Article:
Matildas midfielder Tameka Butt loves to cause her opposition a bit of chaos.
She's played football in six different countries across four continents throughout her professional career and has performed for Australia's national women's team for a decade.
And while she's recently been tearing up pitches in Norway for Klepp Elite -- she's currently a nominee for Best Midfielder and Best Player in the Toppserien League's season awards -- Butt attributes her footballing prowess to a childhood game she used to play at school.
The 26-year-old, who was born in Orange in New South Wales' central west and now lives on the Gold Coast, has also just landed back in Australia for the 10th season of the national W-League on the back of some impressive Matildas victories.
So, how exactly is it that a teenage Tameka Butt converted her skill in a playground game to some serious ability on the football pitch? HuffPost Australia spoke to her to find out.
Luke: Tameka, your name was pretty popular in the HuffPost Australia office for a while because you're the star Matildas player that scored the winning goal in Australia's first-ever victory over the United States in July. I bet it felt pretty great to see that one hit the back of the net?
Tameka: I think I was pretty excited not so much for myself but more for the team, every time we face the US we're like, 'come on this time let's get the win'. This time it was actually reality.
Luke: Australia has played the US 28 times, so by now you must be familiar with a lot of their players. How was the banter on the pitch when you realised you had scored?
Tameka: We obviously know the USA and have been trying to beat them for a long time but we all had this confidence about us knowing that all of our players were in form and coming to peak performance. We all kind of knew that we had, collectively as a team, the talent to beat them... When the goal went in, it was a bit of confirmation for the girls that it was our game and that we deserved it.
Luke: You looked pretty calm and comfortable in front of that goal. Has that always been one of your strengths as a player -- being confident in front of the goalkeepers of big-name countries?
Tameka: I think it kind of comes in the moment. It doesn't really depend on what team you're playing, it's just how composed you are at the time. There's been plenty of shots where I've rushed it against weaker teams and others that I've placed easily. It all comes down to your composure in that split second.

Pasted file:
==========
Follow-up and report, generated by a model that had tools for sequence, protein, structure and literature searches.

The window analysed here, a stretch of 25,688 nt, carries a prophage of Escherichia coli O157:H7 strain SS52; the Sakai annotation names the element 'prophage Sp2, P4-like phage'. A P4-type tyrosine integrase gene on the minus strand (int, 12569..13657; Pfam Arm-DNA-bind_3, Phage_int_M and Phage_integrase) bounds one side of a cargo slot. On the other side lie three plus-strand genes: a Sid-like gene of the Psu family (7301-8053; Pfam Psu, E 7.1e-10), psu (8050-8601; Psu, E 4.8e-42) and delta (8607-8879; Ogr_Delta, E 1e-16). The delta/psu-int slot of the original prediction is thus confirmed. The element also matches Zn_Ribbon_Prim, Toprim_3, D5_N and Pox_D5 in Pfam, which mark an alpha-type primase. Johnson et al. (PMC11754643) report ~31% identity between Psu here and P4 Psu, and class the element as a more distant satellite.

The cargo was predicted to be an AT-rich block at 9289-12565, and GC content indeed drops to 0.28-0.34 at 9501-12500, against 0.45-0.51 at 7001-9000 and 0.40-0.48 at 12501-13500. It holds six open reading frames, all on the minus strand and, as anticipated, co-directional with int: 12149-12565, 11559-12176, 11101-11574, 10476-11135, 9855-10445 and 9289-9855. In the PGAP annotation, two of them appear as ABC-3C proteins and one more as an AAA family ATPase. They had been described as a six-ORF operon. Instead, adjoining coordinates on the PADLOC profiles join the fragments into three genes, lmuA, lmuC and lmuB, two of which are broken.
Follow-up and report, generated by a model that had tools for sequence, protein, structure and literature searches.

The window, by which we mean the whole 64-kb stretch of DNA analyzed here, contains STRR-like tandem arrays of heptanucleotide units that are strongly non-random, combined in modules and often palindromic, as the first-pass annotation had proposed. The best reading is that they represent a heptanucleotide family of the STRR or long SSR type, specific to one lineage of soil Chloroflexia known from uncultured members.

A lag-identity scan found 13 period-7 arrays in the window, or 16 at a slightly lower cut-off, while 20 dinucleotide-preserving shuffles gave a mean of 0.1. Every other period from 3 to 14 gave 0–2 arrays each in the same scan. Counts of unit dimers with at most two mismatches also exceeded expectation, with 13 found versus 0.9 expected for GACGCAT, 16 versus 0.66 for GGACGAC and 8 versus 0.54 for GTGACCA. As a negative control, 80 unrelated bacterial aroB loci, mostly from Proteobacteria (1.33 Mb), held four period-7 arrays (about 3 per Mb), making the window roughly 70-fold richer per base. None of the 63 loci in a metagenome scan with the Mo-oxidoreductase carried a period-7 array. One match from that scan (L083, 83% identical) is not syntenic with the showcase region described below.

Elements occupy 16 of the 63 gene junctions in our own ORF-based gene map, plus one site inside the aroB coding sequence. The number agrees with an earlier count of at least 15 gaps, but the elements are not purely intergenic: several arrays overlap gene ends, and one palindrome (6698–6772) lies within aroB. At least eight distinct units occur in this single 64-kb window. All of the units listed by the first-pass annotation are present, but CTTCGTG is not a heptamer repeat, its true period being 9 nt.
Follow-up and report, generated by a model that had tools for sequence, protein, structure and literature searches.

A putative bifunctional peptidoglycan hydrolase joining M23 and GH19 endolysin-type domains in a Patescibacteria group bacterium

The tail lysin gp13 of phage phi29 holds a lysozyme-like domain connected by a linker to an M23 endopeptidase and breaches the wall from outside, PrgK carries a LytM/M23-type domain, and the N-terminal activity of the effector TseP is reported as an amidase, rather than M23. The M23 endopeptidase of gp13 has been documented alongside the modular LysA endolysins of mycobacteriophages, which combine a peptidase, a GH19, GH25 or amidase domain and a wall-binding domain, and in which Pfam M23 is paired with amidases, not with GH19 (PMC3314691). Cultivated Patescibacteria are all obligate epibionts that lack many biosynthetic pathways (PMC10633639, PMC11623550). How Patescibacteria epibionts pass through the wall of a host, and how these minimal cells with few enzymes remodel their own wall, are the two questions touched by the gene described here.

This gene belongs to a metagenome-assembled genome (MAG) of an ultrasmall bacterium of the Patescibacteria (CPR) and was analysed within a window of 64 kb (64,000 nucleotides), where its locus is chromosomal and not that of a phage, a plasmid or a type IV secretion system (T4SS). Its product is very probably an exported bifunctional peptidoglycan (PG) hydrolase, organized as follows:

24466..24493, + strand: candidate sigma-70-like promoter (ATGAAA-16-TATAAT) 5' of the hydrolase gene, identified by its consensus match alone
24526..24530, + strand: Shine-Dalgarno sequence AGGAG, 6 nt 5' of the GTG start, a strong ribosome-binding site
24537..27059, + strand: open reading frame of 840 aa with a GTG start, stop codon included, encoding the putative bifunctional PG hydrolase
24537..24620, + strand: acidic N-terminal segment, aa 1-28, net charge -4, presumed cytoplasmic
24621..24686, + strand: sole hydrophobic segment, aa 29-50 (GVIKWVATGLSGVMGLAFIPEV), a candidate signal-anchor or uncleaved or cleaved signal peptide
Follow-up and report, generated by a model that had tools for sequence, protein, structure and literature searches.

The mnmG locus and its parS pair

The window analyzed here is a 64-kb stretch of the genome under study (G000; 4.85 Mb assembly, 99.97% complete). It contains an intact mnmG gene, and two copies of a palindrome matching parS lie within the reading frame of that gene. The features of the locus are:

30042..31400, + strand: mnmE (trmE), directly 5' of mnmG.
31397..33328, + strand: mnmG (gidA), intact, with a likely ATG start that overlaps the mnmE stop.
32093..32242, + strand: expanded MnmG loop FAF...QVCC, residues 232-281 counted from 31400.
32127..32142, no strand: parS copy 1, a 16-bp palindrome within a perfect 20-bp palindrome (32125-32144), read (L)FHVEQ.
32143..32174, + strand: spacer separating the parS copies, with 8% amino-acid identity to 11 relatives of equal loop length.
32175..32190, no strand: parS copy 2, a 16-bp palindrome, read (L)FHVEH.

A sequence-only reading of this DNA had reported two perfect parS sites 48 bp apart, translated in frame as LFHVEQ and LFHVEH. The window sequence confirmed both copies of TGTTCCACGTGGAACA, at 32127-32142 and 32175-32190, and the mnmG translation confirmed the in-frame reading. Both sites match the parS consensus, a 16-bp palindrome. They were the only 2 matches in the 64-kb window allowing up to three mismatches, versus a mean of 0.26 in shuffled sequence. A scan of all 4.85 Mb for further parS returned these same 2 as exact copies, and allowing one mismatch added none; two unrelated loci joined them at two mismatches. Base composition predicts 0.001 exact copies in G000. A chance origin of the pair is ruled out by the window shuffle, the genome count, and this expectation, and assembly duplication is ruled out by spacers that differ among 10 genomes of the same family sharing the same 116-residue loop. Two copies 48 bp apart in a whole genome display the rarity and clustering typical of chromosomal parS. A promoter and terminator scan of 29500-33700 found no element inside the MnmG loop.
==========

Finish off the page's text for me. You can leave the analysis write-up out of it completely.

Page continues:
Luke: It certainly looked like a pretty quick split second! How do you prepare yourself for those moments?
Tameka: It comes with the experience -- the more game time you get, the more composure you have under those pressure situations. Training sessions are meant to simulate game play but there's nothing quite like the real pressure as what's in a game.
Luke: So, what is it about your style of play that scares some of the opposition teams you have come up against with the Matildas? Is there something about you that gets opponents a little nervous to face you?
Tameka: One of the best dynamics about my game, as I play in the number 10 role [which is generally an attacking midfield position], is being kind of a late runner from deep. That means it's very hard to catch me offside and it's like a third-man run, so I'm running off the shoulder of someone who's marking someone else. It's a little bit like ghosting, I have that dynamic in my game which can cause the opposition a bit of chaos.
I have that dynamic in my game which can cause the opposition a bit of chaos.
Luke: Ghosting? As in, that funny trend where you run behind somebody while trying not to get noticed? Is that something you practice in your training sessions?
Tameka: It used to be a pretty good joke at school -- I did it a lot then. When I was younger we all had a running joke that someone would have to 'ghost' someone in a game to get points. For the goal against the US, it was a little bit like that. I was a late runner and the ball got knocked into my path and it caught the defence asleep a little bit.
Luke: Hang on, so how did this scoring system work in school and how did you get good at the game?
Tameka: It was me and a group of five boys. If someone saw you ghosting somebody -- walking behind them so they couldn't see you -- you'd get a tally to your name and the winner would get a can of Coca-Cola or a Mars Bar.
Luke: Right! Well then, is there anything else Australia should know about Tameka Butt that we don't already know?
Tameka: I guess I kind of do have another little hobby off the field, aside from surfing. I actually study a lot and I'm about to complete a double master degree. I'm doing a Master in Business which specialises in Sport Management and a Masters with Marketing.
Luke: That must be pretty full-on when it comes to juggling your studies with football. How do you fit it all in?